From these points, it will be obvious that some other form of organisation is necessary. Ideally, this organisation should have some of the following qualities:
■ Independence. The organisation must be seen to be independent. This gives credibility and helps differentiate the organisation from the industry.
■ Respected. The organisation should be well established, so that it can 'hit the ground running', rather than have to build its credentials which can take many years, if not decades.
■ Research capability. The organisation should have enough research clout to be taken seriously at the highest levels.
■ Freedom. It cannot be seen to be fettered by the industry.
■ Public profile. The organisation must have the ability to speak out without fear. For example, it must have the ability to be controversial and thought provoking.
The type of organisation which meets all of these criteria is a think-tank. These are widely used in politics and most have strong affiliations with their political masters - yet they are seen as independent. Universities and their research capabilities are widely used by the green groups. Their ideal home is often within a university or learned institutional body. An industry think-tank has a number of advantages:
■ Independence. It should be truly independent and left to its own devices; otherwise it is just a trade association. By being so, it fulfils one of the key attributes of a third party advocate. Also, this independence will lead to some minor criticisms of the industry, but that - we noted earlier - is healthy and leads to greater credibility. Enough controls should be in place to ensure that the think-tank does not go off the rails and launch widespread attacks on its sponsoring industry.
■ Media credibility. Media seldom look closely at the ancestry of think-tanks and tend to have a much higher acceptance of their utterances than those which come directly from industry or the trade association.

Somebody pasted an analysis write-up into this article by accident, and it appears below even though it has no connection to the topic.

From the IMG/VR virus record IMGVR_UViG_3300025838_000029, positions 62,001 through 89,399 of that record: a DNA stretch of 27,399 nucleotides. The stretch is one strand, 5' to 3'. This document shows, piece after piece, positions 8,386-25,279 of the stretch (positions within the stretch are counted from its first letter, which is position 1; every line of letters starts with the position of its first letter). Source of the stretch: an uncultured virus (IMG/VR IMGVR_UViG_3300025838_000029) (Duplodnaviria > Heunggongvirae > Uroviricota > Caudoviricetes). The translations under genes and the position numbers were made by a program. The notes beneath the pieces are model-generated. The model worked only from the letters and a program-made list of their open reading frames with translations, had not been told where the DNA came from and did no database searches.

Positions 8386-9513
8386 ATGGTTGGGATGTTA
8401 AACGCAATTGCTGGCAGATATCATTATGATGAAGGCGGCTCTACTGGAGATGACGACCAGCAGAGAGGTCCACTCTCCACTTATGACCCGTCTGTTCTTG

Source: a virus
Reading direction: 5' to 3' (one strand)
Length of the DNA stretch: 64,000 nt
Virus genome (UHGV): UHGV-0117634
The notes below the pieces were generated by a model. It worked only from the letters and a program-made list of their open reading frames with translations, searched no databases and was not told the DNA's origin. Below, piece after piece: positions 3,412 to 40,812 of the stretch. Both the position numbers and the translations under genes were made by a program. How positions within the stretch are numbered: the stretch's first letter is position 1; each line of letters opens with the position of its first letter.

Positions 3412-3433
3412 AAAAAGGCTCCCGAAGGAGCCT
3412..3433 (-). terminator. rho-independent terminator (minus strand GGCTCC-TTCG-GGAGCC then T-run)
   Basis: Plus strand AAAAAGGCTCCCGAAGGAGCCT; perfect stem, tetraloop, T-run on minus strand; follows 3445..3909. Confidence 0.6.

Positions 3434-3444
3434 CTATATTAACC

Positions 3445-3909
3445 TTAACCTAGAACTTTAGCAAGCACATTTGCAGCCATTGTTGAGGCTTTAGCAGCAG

■ Political credibility. A think-tank can provide a useful neutral meeting ground for politicians to meet an industry. They can host many of these events.
Too often, with the huge emphasis on centralised communications programmes, employees are forgotten as third party advocates. This does not mean the slick company spokesperson with a 30-second sound-bite ready for TV. No, it is real 'live' employees who do not spout the company line who make first-class and highly credible advocates. These people are believed - they are real, they have not been briefed, they don't have a carefully prepared sound bite, or a carefully prepared 'question and answer' sheet, with lots of questions but few answers, up their sleeve.
However, most large corporations have a policy of threatening all employees with dismissal if they should speak to the press. Why is this? Do they not trust the employees? The answer, unfortunately, is 'yes'. And how do the employees react to this lack of trust? They feel rejected. So there are two detrimental results:
■ strong potential advocates of the company are muzzled
■ the lack of trust by the employer is a huge incentive to leak or whistle-blow. Civil service departments are classic examples of this.
For larger organisations - with a number of sites - middle managers and supervisory staff on the ground can be powerful spokespersons. Certainly, they will suffer a little from having a vested interest in protecting their jobs - but they have real credibility as the workers at the coalface rather than the faceless public relations executive from corporate HQ. They should be involved early in any contentious project.